Love Fights #9
Story and Art by Andi Watson
is nothing new to comics.
were probably referencing themselves before any other pop
medium even caught on to the idea. It’s kinda hard
to avoid when you serialize something for so many decades.
it’s a bit harder to figure out when these non-superhero
superhero comics started gaining strength. I’ve known
people who’ve cited Alan Moore’s Supreme
and Kurt Busiek’s Astro City as heralds for
the subgenre (which always felt a bit strange since they
were so much ABOUT superheroes). Then Bendis came along
with Powers and Alias, again focusing
on worlds strongly affected by the presence of superheroes,
but not starring superheroes.
Andi Watson has decided to take the concept to the next
level with Love Fights, a boy-meets-girl story
set in a city of tomorrow where heroes fly around righting
wrongs and thwarting evil deeds.
This issue continues
Jack and Nora’s quest to prove the innocence of The
Flamer (a hero who, in Hollywood terms, is Superman with
a dash of Human Torch). After researching the decades worth
of villains Flamer’s taken down in his time, Jack
and Nora learned that Dr. Pitt and Professor Pendulum were
the only ones unaccounted for. It looks to be an open and
shut case… if not for the fact that The Flamer doesn’t
remember them. After all, he did only fight them once, and
it was before 1984… then it comes together.
was when the Modal Multiverse Conjunction took place. Of
course, The Flamer doesn’t remember THAT either, since
his Golden Age, Silver Age, and Bronze Age selves were merged
during the conflict, but Jack and Nora try to explain how
the many universes came to be one anyway. They almost make
it through the many different origins of Flamer Girl before
he overloads and simply figures the best solution is to
find Pitt and Pendulum and beat the tar out of them.
returns to her interview with The Fader and gets some clues
as to what’s going on. But what’s going on with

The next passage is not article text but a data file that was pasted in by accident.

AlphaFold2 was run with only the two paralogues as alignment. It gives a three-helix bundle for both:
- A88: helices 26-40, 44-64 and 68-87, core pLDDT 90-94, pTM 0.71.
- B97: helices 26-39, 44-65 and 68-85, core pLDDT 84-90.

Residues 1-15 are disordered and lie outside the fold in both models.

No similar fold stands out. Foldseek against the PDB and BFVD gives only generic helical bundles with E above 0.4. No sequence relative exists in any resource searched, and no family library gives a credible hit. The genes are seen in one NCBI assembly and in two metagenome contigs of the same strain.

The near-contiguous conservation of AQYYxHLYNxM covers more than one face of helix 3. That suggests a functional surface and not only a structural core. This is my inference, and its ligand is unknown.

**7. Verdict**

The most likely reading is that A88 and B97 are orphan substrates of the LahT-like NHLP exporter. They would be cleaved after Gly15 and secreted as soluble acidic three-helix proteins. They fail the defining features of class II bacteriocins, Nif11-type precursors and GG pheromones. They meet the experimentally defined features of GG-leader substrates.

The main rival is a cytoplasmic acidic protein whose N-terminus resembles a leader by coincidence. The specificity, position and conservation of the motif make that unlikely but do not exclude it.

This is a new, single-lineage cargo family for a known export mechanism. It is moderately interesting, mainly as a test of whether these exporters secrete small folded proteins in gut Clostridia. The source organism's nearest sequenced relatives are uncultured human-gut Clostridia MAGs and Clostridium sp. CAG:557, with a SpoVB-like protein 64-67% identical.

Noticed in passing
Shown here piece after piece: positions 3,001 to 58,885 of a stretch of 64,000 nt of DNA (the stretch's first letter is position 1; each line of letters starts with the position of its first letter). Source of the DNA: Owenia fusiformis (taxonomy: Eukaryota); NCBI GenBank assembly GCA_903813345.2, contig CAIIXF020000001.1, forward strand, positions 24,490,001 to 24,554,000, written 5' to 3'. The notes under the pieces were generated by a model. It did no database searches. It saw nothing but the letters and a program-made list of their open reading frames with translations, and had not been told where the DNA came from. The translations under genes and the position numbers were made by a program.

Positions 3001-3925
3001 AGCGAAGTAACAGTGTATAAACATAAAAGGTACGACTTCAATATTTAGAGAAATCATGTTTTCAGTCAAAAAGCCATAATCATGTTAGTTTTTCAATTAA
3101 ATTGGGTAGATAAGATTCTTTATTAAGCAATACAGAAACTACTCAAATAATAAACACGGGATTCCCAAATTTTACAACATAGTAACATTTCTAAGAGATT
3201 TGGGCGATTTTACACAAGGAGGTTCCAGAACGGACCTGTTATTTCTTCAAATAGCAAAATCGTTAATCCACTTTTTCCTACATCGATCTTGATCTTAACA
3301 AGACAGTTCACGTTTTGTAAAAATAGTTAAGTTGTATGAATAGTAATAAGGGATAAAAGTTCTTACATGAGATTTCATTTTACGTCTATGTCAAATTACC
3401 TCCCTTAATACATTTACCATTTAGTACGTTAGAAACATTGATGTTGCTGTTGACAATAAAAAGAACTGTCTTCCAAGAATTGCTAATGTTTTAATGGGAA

Jack’s super-powered pet cat…?
of you may scoff at the idea of Watson handling a superhero
book (*cough* Namor *cough*). Others might see
it as the perfect marriage of artist and weirdass subgenre.
But I’m guessing most don’t even know who the
hell Andi Watson is.
(Cue indie comic
rant… now) This is why you need to read more indie
comics, my friend. The full effect of Watson’s storytelling
doesn’t really come through without his art, which,
admittedly, is a bit of an acquired taste but so worth it.
process has been evolving throughout the years, moving from
the strange early style of Samurai Jam (that made
everyone think his books were goth) to the cute manga-influenced
style that developed in Skeleton Key before culminating
in Geisha to the somewhat New Yorker-influenced
cartooning of his numerous recent mini-series.
Fights, he’s started yet another evolution. The
clean lines that were once his signature have been replaced
by rough strokes. The simple tones of Breakfast After
Noon have been broken into numerous shades of grey,
and, if it can be imagined, his touch seems even lighter
than before. It’s been said that a flaw with Watson’s
early work was an overabundance of detail. His solution
was to strip the image down to the basics, but, not content
with simply being another minimalist, he’s gone back
to some of the techniques he explored in Skeleton Key
and increased the texture of his art.
see this bothering people who need clean lines in their
comics, but the look of the brushwork is strangely engaging.
His cityscapes look stronger than ever, the lack of sharp
edges allowing the reader’s imagination to fill in
the shadows and highlights. The extra shading also allows
a greater range of emotions to play across his simple character
designs (The Flamer’s tendency to flare when irritated
owes a lot to this). If you liked Craig Thompson’s
brushwork on Blankets, you should probably give
Love Fights a look.
What really grabs
me, however, is the writing. Andi Watson is a natural visual
storyteller, plain and simple. His gigs as a scripter have
never been bad, but something is definitely lost when he
doesn’t have full control of the story. Here, the
characters are so consistent and the threads so interesting
that the book nearly becomes addictive.
As always, his
story is about the relationships between people, but the
setting and events are so fantastic they set your mind racing.
What would you do if your cat ran away and came back with
super powers (and a sassy mouth, to boot)? How should a
guy look for love when all the girls want to date musclebound
heroes? If a hero’s DNA test proves he’s the
father of an illicit lovechild, is it just another fiendish
plot by a nefarious villain, or does he owe some child support?
the first time since Geisha, Watson steps up to
the bizarre and gives it a big bear hug. Not since the “Celestial
Calendar” storyline of Skeleton Key has he
been so willing to dive into the realm of fantasy. The same
giddy feeling runs through Love Fights.
we now have an interesting question before us: what comes
first in the Love Fights universe-- the heroes
or their comics? We know that the comics are made after
the heroes debut, but do they come to control their namesakes’
destinies? Was the Modal Multiverse Conjunction a war of
worlds or just a big marketing ploy? How much can a comic
about comics deconstruct comics before comic fanboys’
Well, it looks
like we’re going to find out.